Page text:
Denver Post Article: Metro Denver Apartment Rents Fall Again… Fact or Good Headline?

On January 19th, the Denver Post ran an article on the Denver rental market suggesting the bottom was falling out. They said:

“Metro Denver apartment rents fall again… thousands of new apartments continued to pour onto the market in metro Denver last year, pushing down rents and pushing up vacancy rates to their highest level in seven years.”

Anyone reading this article would presume there has been a dramatic turn in the market, rents are falling, landlords are in trouble and renters will once again have the upper hand over landlords. I mean, that’s pretty much what it says! I would argue the Denver Post was torturing statistics in an effort to write a news splashy article that doesn’t even come close to representing what’s happening in our rental market. Let’s take a look at the facts.

Yes, thousands of apartments are coming on the market, but the majority of them are in the higher-end segment and won’t affect most landlords and tenants who work in the lower to middle segments of the market. Even more importantly, the Front Range is growing by 40,000 – 50,000 residents per year, so while thousands of apartments are indeed coming on the market they don’t even begin to meet the demand of the existing 3.1 Million population, nevermind the huge influx of residents moving to Denver. A more reasoned analysis of the statistics would include this one:

From this you see vacancy rates for 5+ unit buildings in metro Denver have remained flat since 2015. Nothing alarming about this.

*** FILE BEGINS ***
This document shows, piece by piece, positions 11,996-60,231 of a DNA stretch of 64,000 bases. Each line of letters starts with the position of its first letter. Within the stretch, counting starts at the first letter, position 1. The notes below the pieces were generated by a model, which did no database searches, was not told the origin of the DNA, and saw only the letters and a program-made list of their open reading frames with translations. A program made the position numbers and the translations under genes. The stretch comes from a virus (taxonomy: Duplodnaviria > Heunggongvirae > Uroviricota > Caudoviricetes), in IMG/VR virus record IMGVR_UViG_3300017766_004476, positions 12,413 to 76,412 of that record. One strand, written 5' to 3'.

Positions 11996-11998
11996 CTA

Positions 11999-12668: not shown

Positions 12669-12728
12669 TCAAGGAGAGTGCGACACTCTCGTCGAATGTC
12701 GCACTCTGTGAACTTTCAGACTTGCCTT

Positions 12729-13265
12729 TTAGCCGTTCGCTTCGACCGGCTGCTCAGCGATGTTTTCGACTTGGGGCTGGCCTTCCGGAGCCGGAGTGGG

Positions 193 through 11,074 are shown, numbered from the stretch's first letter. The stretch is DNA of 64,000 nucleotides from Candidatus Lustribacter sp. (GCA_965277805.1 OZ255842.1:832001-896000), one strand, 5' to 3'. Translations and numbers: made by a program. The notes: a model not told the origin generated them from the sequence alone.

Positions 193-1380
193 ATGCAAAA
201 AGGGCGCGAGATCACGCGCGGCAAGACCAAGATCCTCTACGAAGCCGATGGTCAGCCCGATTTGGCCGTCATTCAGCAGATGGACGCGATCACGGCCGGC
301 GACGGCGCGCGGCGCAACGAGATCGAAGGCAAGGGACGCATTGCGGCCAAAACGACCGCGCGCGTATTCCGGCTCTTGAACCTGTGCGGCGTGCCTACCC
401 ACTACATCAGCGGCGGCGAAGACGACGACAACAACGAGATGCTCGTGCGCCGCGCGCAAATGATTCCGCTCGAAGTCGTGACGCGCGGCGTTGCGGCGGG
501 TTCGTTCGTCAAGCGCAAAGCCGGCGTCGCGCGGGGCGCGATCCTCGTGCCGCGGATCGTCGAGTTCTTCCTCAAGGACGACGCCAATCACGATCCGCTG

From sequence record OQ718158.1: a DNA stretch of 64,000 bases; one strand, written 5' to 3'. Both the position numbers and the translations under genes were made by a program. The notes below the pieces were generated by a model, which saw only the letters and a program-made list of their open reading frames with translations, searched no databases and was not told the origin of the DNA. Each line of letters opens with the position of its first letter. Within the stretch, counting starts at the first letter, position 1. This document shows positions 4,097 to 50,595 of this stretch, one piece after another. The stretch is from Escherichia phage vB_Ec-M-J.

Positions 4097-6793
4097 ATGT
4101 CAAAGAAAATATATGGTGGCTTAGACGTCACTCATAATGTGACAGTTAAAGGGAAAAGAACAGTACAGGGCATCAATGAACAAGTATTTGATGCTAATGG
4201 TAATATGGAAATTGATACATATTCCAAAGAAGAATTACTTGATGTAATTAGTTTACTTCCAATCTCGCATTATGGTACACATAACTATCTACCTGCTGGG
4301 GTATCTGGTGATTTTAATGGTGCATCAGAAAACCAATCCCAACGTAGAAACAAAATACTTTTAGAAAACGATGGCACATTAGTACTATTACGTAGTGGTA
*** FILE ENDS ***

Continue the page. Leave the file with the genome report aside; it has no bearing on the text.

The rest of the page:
Here’s another important statistic to better understand the reality of our local renter market.

So while rents dropped a bit in the last quarter, that is based on normal seasonality of the rental market. The fact is rents have risen steadily in the past couple of years. Let’s dig deeper into rents and vacancies with this graphic.

 

Source: AAMD

 

Here you see vacancy and rents going back to 2012. I ask you, is there anything AT ALL alarming about these numbers? The green bars show average rents, which have increased steadily since 2012. The blue line is vacancy rates which have remained flat the past several years, and are just a hair higher than they were in 2012. Nope, nothing cataclysmic about these numbers either.

The lesson here is to closely at the data when trying to assess the market, don’t listen to the interpretations of the press (or real estate agents, or lenders, or bloggers etc. etc.!) when trying to understand the market. Just look at the data. My view of this data is that the market is in a multiyear upturn for landlords as rents have risen and vacancies have remained low. With the large influx of folks to our market I expect this to remain for awhile.

Someday, rents will flatten out and vacancies will rise of course. But the Denver Post did a disservice to their readers by selecting the most hyperbolic data they could find in order to write a misleading article on the state of the market to sell a few more papers.

 

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Authors
Charles Roberts
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